Chromate conversion coating
Chromate conversion coating is a type of conversion coating used to passivate aluminum, zinc, cadmium, copper, silver, magnesium, and tin alloys. It is primarily used as a corrosion inhibitor, primer, decorative finish, or to retain electrical conductivity. The process is named after the chromate found in the chromic acid used in the bath, more commonly known as hexavalent chromium. This type of bath is still the most widely used, however hexavalent chromium is toxic and, thus, highly regulated, so new non-hexavalent chromium based processes are becoming commercially available.
Chromate conversion coatings are common on everyday items such as hardware and tools and usually have a distinctive yellow color.
Chromate conversion coatings on an aluminum substrate are known by the following terms: chemical film, yellow iridite, and the brand names Iridite and Alodine. It is also commonly used on aluminum alloy parts in the aircraft industry.
Iridite NCP is a non-chromium type of conversion coating for aluminum substrates.
The most commonly referenced standard for chromate conversion coating aluminum is MIL-DTL-5541.
Chromating is commonly performed on zinc-plated parts to make them more durable. The chromate coating acts like a paint, protecting the zinc from white corrosion, this can make the part several times more durable depending on chromate layer thickness. It cannot be applied directly to steel or iron, and does not enhance zinc's cathodic protection of the underlying steel from brown corrosion.
The protective effect of chromate coatings on zinc is indicated by color, progressing from clear/blue to yellow, gold, olive drab and black. Darker coatings generally provide more corrosion resistance.
ISO 4520 specifies chromate conversion coatings on electroplated zinc and cadmium coatings. ASTM B633 Type II and III specify zinc plating plus chromate conversion on iron and steel parts.
The composition of chromate conversion solutions varies widely depending on the material to be coated and the desired effect. Most solution compositions are proprietary.
The widely used Cronak process for zinc and cadmium consists of 5–10 seconds of immersion at room temperature in a solution of 182 g/l sodium dichromate crystals (Na2Cr2O72H2O) and 6 ml/l concentrated sulfuric acid.
Chromate coatings are soft and gelatinous when first applied but harden and become hydrophobic as they age. Curing can be accelerated by heating up to 70 °C, but higher temperatures will gradually damage the coating over time. Some chromate conversion processes use brief degassing treatments at temperatures of up to 200 °C, to prevent hydrogen embrittlement of the substrate. Coating thickness vary from a few nanometers to a few micrometers thick.
- ^ Buschow, K.H. Jürgen; Cahn, Robert W.; Flemings, Merton C.; Ilschner, Bernhard; Kramer, Edward J.; Mahajan, Subhash (Editors), Encyclopedia of Materials - Science and Technology (2001) p. 1265, Elsevier, Oxford, UK.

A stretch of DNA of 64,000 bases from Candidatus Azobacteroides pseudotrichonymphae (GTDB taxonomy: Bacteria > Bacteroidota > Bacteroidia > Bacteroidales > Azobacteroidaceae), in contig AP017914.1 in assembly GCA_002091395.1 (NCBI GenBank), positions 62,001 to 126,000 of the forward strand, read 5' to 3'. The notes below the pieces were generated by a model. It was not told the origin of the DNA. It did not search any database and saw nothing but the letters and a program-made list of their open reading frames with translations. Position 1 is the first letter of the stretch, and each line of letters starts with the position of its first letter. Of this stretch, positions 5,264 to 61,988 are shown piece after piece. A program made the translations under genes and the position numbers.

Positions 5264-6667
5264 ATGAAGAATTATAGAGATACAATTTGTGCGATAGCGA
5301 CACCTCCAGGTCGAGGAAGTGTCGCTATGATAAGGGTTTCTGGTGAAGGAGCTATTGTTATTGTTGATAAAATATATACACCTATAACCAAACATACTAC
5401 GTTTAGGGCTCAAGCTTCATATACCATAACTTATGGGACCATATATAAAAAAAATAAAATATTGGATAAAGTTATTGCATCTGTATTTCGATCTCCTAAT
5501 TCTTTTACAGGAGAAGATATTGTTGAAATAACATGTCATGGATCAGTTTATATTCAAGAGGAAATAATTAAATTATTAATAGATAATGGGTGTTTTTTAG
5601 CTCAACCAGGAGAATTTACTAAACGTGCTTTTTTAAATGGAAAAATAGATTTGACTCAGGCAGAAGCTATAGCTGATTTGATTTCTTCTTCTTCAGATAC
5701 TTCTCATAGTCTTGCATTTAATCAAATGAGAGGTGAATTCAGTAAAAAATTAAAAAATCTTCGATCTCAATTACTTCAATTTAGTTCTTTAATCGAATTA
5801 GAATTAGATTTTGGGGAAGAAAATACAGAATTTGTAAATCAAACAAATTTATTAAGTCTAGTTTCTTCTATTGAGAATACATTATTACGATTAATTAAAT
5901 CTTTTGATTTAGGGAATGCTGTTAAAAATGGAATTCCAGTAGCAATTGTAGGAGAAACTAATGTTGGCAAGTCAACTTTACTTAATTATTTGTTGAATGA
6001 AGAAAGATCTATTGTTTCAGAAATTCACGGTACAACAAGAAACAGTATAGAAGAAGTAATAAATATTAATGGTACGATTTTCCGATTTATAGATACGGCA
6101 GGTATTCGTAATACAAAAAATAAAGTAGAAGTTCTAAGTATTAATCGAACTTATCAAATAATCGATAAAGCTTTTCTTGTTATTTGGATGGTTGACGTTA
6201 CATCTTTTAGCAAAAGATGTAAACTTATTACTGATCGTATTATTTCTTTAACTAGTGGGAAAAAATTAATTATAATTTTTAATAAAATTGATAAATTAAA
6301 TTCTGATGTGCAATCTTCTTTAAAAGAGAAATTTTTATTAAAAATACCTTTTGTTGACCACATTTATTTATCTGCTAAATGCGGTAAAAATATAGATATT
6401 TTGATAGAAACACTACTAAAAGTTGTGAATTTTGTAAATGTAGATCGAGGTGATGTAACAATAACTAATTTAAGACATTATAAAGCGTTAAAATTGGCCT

- ^ http://books.google.com/books?id=O1DcJk1JpCMC&pg=PA430
- ^ Occupational Exposure to Hexavalent Chromium, US Dept. of Labor, OSHA Federal Register # 71:10099-10385, 28 Feb 2006.
- ^ http://www.epa.gov/nrmrl/std/mtb/pdf/web-powdercoatarticleversion1.pdf
- ^ a b c http://www.engineersedge.com/iridite.htm
- ^ New surface treatment for aluminum. Anthony, J. Iron Age (1946), 158(23), 64-7.
- ^ http://www.macdermid.com/industrial/aluminum.html
- ^ Henkel Alodine products home page, accessed 2009-03-27
- ^ a b c d Edwards, Joseph (1997). Coating and Surface Treatment Systems for Metals. Finishing Publications Ltd. and ASM International. pp. 66–71. ISBN 0-904477-16-9.
- ^ Degarmo, E. Paul; Black, J T.; Kohser, Ronald A. (2003). Materials and Processes in Manufacturing (9th ed.). Wiley. p. 792. ISBN 0-471-65653-4.
- ^ Testing and evaluation of nonchromated coating systems for aerospace applications. Osborne, J. H.; Blohowiak, K. Y.; Taylor, S. R.; Hunter, C.; Bierwagon, G.; Carlson, B.; Bernard, D.; Donley, M. S. The Boeing Company, Seattle, WA, USA. Progress in Organic Coatings (2001), 41(4), 217-225.
Chromate coatings are soft and gelatinous when first applied but harden and become hydrophobic as they age. Curing can be accelerated by heating up to 70 °C, but higher temperatures will gradually damage the coating over time. Some chromate conversion processes use brief degassing treatments at temperatures of up to 200 °C, to prevent hydrogen embrittlement of the substrate. Coating thickness vary from a few nanometers to a few micrometers thick.[9
The embrittlement relief operation isn't performed to eliminate embrittlement from the chromate conversion but the plating substrate that is being chromated. The embrittlement relief is typically specified for electroplated steels > 180 ksi tensile strength and it is normally required prior to conversion coating. It is not the chromate conversion coating but the electrodeposition process that requires embrittlement relief (reference QQ-P-416 or other plating specifications that use chromate conversion)!!
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